Recently, an article I wrote for Parent.co struck a chord with readers the world over. The post – The Two Words That Can Transform Your Parenting – hinged on the idea that our everyday routines are, in fact, privileges. The two words the headline refers to are “get to,” indicating that our chores are actually opportunities. Like the article says, “The very fact that we have beds to make, laundry to tackle, lunches to pack, and dinners to serve is a privilege that millions don’t have. Our normal is someone else’s dream. The fact that we are doing most of this for people we love is the biggest “get to” of all.” Thousands shared and liked the post on social media. But there may be more we can do. Rather than stop at acknowledging that our normal is someone else’s dream, we can take a few simple steps to make a difference right where we are. Maybe this summer your family can start a new tradition of giving. Here are some ideas to help get you started:
Gift bags for the homeless
When I first moved to the U.S. as an immigrant from India, there was something that struck me – there were hardly any homeless folks on the streets, at least as compared to India. The possibility of doing something personal for them became real. A little online research and we chanced upon the idea of gift bags. This is a great project for the kids and you to do together. Buy a handful of paper bags and have the children decorate them any way they’d like. Make a list of five items that a person on the street corner might need. Some ideas include candy, dehydrated soup, jerky, toothpaste, mint, bubblegum, a card of encouragement, hand cream, and socks. Now hit the grocery store and let the kids call the shots. Fill the paper bags, tie them with a bow, and give one to the next homeless person you see as a family. Every time we did this as a family, I knew instantly that that small act went a long way not just to meet physical needs but also to touch someone’s heart. You’re teaching your kids not to judge. You’re teaching them empathy. And you’re blessing someone whose story you may never know.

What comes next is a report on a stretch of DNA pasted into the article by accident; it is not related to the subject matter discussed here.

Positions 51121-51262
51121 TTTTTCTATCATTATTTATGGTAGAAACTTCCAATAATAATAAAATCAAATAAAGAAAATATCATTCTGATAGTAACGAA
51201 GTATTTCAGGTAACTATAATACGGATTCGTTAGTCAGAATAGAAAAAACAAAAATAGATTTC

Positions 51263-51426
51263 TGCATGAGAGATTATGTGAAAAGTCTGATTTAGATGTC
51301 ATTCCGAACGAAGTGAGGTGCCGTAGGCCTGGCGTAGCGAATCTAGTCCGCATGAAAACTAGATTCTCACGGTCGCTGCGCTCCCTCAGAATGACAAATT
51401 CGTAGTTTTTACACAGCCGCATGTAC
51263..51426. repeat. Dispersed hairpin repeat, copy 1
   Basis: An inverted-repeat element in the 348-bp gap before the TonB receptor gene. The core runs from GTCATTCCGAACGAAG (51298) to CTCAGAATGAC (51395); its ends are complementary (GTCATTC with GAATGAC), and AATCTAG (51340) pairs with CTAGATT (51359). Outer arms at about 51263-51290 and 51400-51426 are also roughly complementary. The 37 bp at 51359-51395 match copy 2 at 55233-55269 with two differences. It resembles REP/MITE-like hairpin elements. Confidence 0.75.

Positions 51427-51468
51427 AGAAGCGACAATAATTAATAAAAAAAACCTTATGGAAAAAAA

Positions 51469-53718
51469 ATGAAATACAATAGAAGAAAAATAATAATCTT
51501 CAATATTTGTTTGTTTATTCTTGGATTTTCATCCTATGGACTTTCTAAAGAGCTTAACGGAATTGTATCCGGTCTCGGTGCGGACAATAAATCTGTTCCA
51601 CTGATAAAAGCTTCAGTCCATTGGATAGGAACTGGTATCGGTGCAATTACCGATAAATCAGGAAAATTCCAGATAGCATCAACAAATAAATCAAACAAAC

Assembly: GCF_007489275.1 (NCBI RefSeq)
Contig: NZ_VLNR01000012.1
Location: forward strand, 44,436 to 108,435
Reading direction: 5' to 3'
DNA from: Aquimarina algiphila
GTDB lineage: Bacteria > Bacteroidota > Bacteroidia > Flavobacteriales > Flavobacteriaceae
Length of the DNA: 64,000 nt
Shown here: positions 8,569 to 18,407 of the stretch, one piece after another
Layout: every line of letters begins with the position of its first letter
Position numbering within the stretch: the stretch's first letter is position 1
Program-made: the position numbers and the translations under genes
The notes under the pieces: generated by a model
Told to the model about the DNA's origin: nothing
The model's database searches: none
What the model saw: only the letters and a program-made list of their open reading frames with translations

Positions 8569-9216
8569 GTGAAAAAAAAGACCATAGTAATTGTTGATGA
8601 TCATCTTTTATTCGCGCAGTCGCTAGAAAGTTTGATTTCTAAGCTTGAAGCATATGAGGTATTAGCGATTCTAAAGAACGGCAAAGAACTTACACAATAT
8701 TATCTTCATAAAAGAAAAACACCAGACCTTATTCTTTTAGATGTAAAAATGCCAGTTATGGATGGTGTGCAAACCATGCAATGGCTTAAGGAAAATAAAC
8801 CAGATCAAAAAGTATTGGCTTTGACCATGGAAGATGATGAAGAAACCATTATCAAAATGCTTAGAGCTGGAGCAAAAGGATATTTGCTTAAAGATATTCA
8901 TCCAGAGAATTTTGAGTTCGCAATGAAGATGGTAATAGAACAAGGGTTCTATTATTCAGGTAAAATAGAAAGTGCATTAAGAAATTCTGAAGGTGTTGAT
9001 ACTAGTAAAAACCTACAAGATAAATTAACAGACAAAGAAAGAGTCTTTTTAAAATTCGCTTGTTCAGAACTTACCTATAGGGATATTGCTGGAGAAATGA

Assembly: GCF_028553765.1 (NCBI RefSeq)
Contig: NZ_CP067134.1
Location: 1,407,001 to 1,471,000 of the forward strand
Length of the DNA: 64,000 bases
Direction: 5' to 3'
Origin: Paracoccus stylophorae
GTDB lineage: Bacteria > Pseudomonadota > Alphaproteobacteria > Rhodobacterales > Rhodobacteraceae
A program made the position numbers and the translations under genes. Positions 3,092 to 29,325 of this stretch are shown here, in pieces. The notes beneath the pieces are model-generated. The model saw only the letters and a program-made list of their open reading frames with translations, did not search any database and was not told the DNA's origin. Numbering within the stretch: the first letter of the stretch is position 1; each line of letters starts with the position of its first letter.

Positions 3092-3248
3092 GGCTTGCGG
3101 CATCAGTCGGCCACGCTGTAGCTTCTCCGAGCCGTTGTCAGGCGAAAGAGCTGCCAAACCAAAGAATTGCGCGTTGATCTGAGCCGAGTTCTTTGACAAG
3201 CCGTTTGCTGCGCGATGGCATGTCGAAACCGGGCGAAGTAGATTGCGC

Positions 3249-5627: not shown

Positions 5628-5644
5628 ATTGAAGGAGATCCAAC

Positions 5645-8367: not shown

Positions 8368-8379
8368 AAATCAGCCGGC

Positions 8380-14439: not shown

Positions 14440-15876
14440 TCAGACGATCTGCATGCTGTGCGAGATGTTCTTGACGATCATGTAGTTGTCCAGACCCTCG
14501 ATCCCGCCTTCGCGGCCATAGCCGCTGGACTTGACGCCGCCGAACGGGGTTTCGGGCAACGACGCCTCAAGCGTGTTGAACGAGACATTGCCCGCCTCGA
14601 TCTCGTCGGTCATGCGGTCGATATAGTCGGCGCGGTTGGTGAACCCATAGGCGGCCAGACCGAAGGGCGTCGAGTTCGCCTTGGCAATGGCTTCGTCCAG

Share your produce
Facebook is full of it. I’m talking pictures of backyard produce that crop up on newsfeeds this time of the year. The reddest tomatoes, the juiciest strawberries, blackberries and cucumbers and okra and all the fresh, organic produce that you planted in the spring. But you know what’s going to make you even happier than your harvest? Sharing it with your neighbors. Let the kids get their hands dirty and have them harvest the produce. Add a note and walk it down to the neighbors. It’s about time you all came out of winter hibernation anyway.
Plan a playdate
Summer playdates are low pressure. They involve backyards and splash pads, parks, water fountains and berry picking. Your house can look like a hurricane hit it – and no one’s the wiser. That’s why summers are the perfect time to reach out to new friends. Maybe the shy immigrant in your neighborhood who smiles as you walk by. Even if your lives are different, there’s a shared camaraderie in watching your kids climb the monkey bars in the park.
Summer is the perfect time for the family to volunteer together. Decide as a family if you prefer a one-time commitment or an ongoing project as part of your family’s routine. Some options include a visit to the animal shelter, participating in a walkathon for a cause that your family supports, or collecting books for the pediatric wing of your hospital. Ongoing projects could be visiting seniors at a nursing home, planting bulbs in a community garden, or restocking a food pantry. Make sure the assignment fits their little personalities, depending on whether they love to chat, have a gift for art, or like to be outdoors. Websites like Volunteer Match and Hands on Network list volunteer opportunities according to city and age preferences.
Thank those in service
If you have a kid who loves all anything fireman-related, this is the perfect time to take some homemade cookies down to the fire station. Maybe arrange for your playgroup to go over for a fire station tour and find out beforehand what the firemen would prefer. (Surprise! Surprise! It may not be donuts and coffee.) Help your child write a letter of thanks to servicemen and women who are overseas. A simple card of encouragement could lift the spirits of someone on the frontlines. Sites like Operation Gratitude and Soldiers’ Angels walk you through the process of sending letters and care packages to those who serve the country. These are just little steps. But they go a long way in making a difference. And, summer or not, kindness is always in season.